By: Jessica Bakeman
A few school districts received last-minute approval for their teacher evaluation plans Thursday night, but six missed the deadline, forfeiting a scheduled state aid increase.
New York City, Fallsburg in Sullivan County and Pine Plains in Dutchess County never submitted plans for review.
Hamburg in Erie County submitted a plan, but it was not agreed upon by local unions, so it was not eligible for approval. Superintendent Steve Achramovitch says these were complex negotiations that just broke off and he will now try to go back and work with the teachers' union to get an agreement as required.
Hamburg will lose about $450,000 in state education funding come March. Achramovitch says he is not calling for any layoffs of teachers or other district personnel and will try not to cut any programs impacting students. He feels they will be able to use reserve funds to fill the gap but may have to transfer some funding as the budget process goes forward. He will also try to lobby state education officials to restore the money but a spokesman for the State Education Department in Albany says the money will not be restored.
WEB EXTRA: Click here to read Hamburg Central School District's statement
And two districts-Harrison, in Westchester County and Oysterponds in Suffolk County-submitted plans but didn't make necessary revisions in time.
Harrison submitted its plan on deadline day, but the state Education Department determined revisions were necessary.
Superintendent Louis Wool said Thursday the plan was "not everything we wanted it to be." He thought it matched the quality of other districts' approved plans, though.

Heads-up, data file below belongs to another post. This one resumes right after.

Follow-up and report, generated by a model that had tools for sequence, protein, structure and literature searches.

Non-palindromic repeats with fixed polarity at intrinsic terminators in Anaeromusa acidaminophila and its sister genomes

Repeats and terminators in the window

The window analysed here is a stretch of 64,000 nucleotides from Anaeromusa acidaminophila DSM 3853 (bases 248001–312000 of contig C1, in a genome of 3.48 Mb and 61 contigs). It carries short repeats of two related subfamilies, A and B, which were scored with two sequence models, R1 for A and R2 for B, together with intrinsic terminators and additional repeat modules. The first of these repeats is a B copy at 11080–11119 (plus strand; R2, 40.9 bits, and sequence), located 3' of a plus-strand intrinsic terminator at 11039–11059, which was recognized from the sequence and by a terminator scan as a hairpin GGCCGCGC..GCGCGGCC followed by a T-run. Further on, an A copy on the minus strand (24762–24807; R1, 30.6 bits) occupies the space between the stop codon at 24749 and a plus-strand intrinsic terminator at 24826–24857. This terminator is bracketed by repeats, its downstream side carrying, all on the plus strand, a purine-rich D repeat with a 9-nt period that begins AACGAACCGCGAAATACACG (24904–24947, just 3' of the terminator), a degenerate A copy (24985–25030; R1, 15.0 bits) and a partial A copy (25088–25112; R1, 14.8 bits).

"Our challenge was-in this very constricted time frame with really poor guidance from the state Education Department and really awful conditions to do this kind of good work-to put in a better system than the one that we had," Wool said.
Beacon schools in Dutchess County received approval from the state in the final hours before the deadline.
"We knew it would be approved," Interim Superintendent Harvey Hilburgh said Thursday after getting a verbal commitment from the state Education Department that the plan was satisfactory.
He said they submitted originally in July, feeling confident that the plan was sound.
"The state might have had different expectations about the language than we did, but I think we ironed it out," he said.
Negotiations between the New York City Department of Education and the local union, the United Federation of Teachers, broke down Wednesday. Mayor Michael Bloomberg and the union's president, Michael Mulgrew, blamed each other for missing the deadline, which amounted to a loss of $250 million in state aid.
"The loss of state aid is devastating. But just as devastating is the failure to implement an evaluation plan to give educators the feedback they need to improve their practice and help their students learn and succeed," state Board of Regents Chancellor Merryl Tisch said in a statement at 12:05 a.m. Friday. "Unfortunately, the adults couldn't or wouldn't come together for the sake of New York's 1.1 million school children."
Districts without an approved plan are still required by law to reach an agreement.